It is easy to see why Minister Ramokgopa has been nominated for a Feather Award as Socialite of the Year. He is most certainly the most likeable Minister in Cabinet with his friendly demeanour and charming grin.
He must also be acknowledged for his ongoing briefings on the energy crisis as Head of NECOM. It has been a refreshing change to have a Minister who is willing to engage on a regular basis and provide feedback on a crisis that has had devastating effects on our country.
That being said, however, affability and a winning smile is not going to resolve the energy crisis. And despite Dr Ramokgopa’s immutable optimism, neither is this government if things do not take a radical turn.
The Energy Action Plan is over a year old. Minister Ramokgopa’s appointment was made over 7 months ago. And this year we have experienced the worst period of loadshedding in our country’s history.
The recent decrease in stages with several days of loadshedding suspended, has been gratefully received – especially by Proteas and Springboks fans. Isn’t it sad that as a nation, we feel blessed that we all had electricity so that we could collectively watch our national teams shooting the lights out?
But while we bask in the current loadshedding holiday, we must not become complacent. Our energy crisis has not been solved. It has merely been temporarily stayed. And there is a huge amount of work that lies ahead to not only develop a stable, efficient and cost effective energy sector, but also to ensure that it complies with our climate change objectives to meet the just energy transition undertakings we have entered into and to which we are bound.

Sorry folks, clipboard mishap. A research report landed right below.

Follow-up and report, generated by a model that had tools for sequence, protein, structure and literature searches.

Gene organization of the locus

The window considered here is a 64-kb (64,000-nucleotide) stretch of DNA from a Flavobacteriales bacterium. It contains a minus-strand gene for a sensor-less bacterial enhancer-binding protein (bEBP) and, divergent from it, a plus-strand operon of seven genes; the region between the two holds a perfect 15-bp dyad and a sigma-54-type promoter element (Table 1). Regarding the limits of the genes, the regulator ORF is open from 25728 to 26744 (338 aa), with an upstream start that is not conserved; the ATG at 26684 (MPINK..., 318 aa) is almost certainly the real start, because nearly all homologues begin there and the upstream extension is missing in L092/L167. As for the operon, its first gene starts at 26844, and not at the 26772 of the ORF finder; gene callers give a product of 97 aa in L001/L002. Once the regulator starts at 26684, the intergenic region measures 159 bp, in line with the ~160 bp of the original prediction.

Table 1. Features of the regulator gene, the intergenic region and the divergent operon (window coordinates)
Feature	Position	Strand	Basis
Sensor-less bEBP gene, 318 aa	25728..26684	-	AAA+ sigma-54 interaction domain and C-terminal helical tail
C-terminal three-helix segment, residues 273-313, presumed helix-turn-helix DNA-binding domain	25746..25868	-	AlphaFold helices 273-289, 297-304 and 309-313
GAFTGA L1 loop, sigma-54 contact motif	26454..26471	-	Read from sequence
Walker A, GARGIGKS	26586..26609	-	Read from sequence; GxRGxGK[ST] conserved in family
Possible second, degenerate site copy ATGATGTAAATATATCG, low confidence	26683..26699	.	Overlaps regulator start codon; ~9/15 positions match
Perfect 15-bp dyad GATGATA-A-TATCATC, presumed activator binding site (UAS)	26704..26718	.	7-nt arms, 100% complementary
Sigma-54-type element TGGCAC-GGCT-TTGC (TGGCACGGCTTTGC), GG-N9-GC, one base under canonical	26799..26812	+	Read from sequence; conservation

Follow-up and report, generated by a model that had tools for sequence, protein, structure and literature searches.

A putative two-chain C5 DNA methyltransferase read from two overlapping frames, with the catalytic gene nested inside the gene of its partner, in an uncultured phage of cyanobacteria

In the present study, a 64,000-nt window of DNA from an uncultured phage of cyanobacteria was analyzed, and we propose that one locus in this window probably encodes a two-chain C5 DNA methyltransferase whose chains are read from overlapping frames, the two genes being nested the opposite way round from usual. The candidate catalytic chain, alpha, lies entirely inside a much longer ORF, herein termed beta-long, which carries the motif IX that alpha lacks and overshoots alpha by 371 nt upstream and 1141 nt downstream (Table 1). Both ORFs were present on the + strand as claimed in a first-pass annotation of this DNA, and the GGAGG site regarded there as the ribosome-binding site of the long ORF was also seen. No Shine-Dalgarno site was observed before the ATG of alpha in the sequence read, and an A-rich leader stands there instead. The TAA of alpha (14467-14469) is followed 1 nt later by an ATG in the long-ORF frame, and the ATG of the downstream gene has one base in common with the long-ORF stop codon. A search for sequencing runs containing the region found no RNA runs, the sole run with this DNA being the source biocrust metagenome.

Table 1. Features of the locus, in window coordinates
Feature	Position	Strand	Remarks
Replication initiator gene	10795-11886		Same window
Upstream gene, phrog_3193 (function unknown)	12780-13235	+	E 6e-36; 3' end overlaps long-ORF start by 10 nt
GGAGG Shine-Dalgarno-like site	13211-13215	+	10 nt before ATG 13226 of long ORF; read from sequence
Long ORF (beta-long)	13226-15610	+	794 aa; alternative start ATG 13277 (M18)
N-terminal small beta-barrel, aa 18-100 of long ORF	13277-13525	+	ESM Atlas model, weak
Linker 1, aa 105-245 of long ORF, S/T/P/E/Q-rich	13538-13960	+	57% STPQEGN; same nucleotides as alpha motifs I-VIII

Kusile, naturally has been both the major cause of the crisis over the last 12 months, and has conversely been the reason for the alleviation of loadshedding recently. The power station, having already cost us R250 billion to build has been bedeviled by corruption, design flaws and mismanagement and, as we know, at one stage was not generating a single kilowatt.
While Units 1 and 3 have been brought back online after their spectacular failure last year, this has been a temporary repair, costing us R250 million. The repairs effected have bypassed the desulpherisation process in a bid to bring them on-line earlier to address loadshedding. And while the addition of 1800 Mega Watts to the grid is definitely worth celebrating, there is a dark side to the expediting of repairs. The short cuts taken to bring Kusile back on line will see a massive increase in pollution and emissions with the potential impact being around 680 deaths and 3000 asthma emergencies in surrounding communities. A catastrophically high price to pay for electricity.
It is clear that despite the Energy Action Plan having identified a number of key priorities for the short, medium and long term, government has continued to suffer from myopia, coupled with inertia.
As Minister Ramokgopa sings in perfect harmony with Minister Gwede Mantashe from the Coal Industry songsheet, he attempts to drown out the noise from the renewable sector. Sadly, both he and Minister Mantashe, in their stubborn refusal to deviate from a coal-based energy system are missing the enormous opportunities offered by a mixed energy solution which incorporates a balance of renewable energy sources to supplement our existing energy supply. He is also missing out on around $11 billion!!